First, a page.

Archive for Irish Civil War

The End of the Irish Civil War

Posted in History with tags , , on May 24, 2023 by telescoper
An injured Anti-Treaty soldier is supported by a fellow fighter in the Battle for Dublin that started the Irish Civil War; over 500 Anti-Treaty fighters were taken as prisoners after the battle died down in the city.

Just a very quick post to mark the fact that it was on this day a century ago, May 24th 1923, that the terrible Irish Civil War came to an end. The conflict had been stuttering to a close for some time, but the final act was a communique issued by Éamon de Valera, the political leader of the Anti-Treaty forces, which said

Soldiers of the Republic. The Republic can no longer be successfully defended by your arms. Further sacrifice on your part would now be in vain and the continuance of the struggle in arms unwise in the national interest and prejudicial to the future of our cause. Military victory must be allowed to rest for the moment with those who have destroyed the Republic. Other means must be sought to safeguard the nation’s right.

Éamon de Valera, May 24th 1923

The Irish Free State created by the Anglo-Irish Treaty lasted until 1937, when a new constitution, largely written by de Valera, was adopted. Ireland (minus the Six Counties retained by the United Kingdom in the Treaty) became a full republic in 1949.

The Passage of Time

Posted in Biographical, Education, History with tags , , on December 12, 2022 by telescoper

We have arrived at last at the final week of teaching for this term. The way the timetable has worked out, my last lecture before the break will be on Wednesday afternoon. Later that evening we have our staff Christmas party. I did one lecture this morning, by the end of which I had completed the syllabus for my Mechanics & Special Relativity Module. I have two more sessions with that class, tomorrow and Wednesday, which I will devote to some worked examples and revision for the examination which is on January 14th.

I’m sure the students are tired too, but at least they have the advantage of youth which probably endows them with more energy than I can summon at this point!

Two events over the weekend added to the general sense of exhaustion and made me feel even older. One was that a very dear friend whom I first met, when he was 19 and I was 29, just had his 50th birthday. I remember very well celebrating his 20th. For some reason I felt more comfortable when our ages began with the same digit, if only for a few months. Now he’s 50 and I’m 59…

The other thing that happened was that last night I watched the first episode of a three-part documentary series The Irish Civil War. I thought it was excellent and will definitely watch the other two programmes. The Irish Civil War, which was raging 100 years ago, was as brutal as it was tragic and the episode made uncomfortable viewing, not least because even a century later many of the scars are still painful.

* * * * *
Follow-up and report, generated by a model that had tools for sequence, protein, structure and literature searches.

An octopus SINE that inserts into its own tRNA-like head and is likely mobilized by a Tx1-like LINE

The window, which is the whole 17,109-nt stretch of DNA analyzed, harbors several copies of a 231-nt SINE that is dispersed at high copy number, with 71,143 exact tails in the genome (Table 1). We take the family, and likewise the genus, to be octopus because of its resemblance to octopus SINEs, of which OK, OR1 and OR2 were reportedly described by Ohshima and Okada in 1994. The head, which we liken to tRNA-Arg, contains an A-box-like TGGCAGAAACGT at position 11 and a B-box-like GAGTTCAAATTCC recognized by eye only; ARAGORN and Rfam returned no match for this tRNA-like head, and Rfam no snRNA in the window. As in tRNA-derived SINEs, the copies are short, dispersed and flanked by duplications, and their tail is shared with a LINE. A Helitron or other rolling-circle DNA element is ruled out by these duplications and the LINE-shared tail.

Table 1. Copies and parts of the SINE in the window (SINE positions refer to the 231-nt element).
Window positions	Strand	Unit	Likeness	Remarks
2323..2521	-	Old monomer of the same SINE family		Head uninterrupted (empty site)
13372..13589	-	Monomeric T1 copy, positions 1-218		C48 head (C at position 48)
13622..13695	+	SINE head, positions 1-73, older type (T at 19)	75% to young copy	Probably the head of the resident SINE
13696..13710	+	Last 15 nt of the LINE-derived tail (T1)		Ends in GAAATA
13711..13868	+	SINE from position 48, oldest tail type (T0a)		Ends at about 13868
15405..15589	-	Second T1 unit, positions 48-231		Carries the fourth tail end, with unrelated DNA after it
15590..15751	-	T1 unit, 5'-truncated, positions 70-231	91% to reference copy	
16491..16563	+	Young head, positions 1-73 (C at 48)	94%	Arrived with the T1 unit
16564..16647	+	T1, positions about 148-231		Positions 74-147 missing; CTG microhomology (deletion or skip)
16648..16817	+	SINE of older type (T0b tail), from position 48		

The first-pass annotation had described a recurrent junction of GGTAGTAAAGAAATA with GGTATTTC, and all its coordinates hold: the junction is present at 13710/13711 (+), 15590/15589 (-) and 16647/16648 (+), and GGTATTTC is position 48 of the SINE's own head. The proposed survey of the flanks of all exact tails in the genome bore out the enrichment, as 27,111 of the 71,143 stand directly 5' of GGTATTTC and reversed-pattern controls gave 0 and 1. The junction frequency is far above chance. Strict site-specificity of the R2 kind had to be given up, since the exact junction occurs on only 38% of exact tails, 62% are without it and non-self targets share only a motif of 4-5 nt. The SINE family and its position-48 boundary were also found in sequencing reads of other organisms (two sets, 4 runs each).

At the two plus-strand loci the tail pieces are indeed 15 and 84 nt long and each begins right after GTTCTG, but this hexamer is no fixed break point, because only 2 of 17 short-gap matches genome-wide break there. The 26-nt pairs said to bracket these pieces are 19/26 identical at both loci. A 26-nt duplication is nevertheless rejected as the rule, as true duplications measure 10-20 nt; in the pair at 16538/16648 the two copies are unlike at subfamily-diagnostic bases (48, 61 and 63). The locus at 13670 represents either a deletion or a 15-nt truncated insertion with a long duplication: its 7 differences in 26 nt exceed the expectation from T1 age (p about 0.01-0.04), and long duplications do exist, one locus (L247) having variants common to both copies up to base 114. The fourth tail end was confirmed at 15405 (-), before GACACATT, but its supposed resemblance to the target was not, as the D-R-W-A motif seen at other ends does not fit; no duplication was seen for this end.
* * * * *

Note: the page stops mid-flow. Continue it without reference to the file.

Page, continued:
The thought suddenly struck me watching the programme that I was born in 1963, just 40 years or so after the end of the Civil War and 20 years closer in time to that event than to today. Time passes.

Anyway, enough of that. I don’t have time to mope about feeling old. I’ve got some examples to work out for tomorrow’s lecture, including a problem on time dilation…

The Death of Michael Collins

Posted in History with tags , , , , on August 22, 2022 by telescoper
Michael Collins in full dress uniform, pictured a few days before his death.

Today marks the centenary of the death of Michael Collins during the Irish Civil War. The event was marked by a ceremony yesterday at Béal na Bláth, where Collins was shot in the head and killed by a sniper on 22nd August 1922. He was 31 years old.

The Civil War had erupted over the the Anglo-Irish Treaty with the pro-Treaty National Army (of which Collins was Commander-in-Chief) fighting against anti-Treaty forces. Opponents of the Treaty felt that the Irish Free State it created fell far short of the Republic they had fought for during the War of Independence. In particular the Treaty required an Oath of Allegiance to the British Crown, which many Republicans found totally unacceptable.

On 22nd August, with Free State forces gaining the upper hand, Collins was travelling through County Cork with a convoy including an armoured car, when it was ambushed by soldiers of the anti-Treaty IRA. Instead of trying to escape, the convoy stopped and a gunfight developed during which Collins was shot dead. He was the only fatality. There was no official inquiry into the events at Béal na Bláth and nobody knows for sure who fired the fatal shot. The death of Michael Collins, following the death a few days earlier of Arthur Griffith, was a big setback for the leadership of the Free State and the already bitter Civil War descended into cycle of atrocities and reprisals. The fighting was to grind on until May 1923.

A Grim Centenary

Posted in History with tags , , , on June 28, 2022 by telescoper

Today marks the centenary of the “official” outbreak of the Irish Civil War. Full-scale conflict had been threatening to erupt since the signing of the Anglo-Irish Treaty in December 1921 as many people who had fought so hard for independence were profoundly unhappy that the treaty had not delivered the Republic that was their wish. For example, members of the Dáil Éireann of the “Irish Free State” formed in 1921 still had to swear allegiance to the British Monarchy. Ireland did not formally become a Republic until 1949.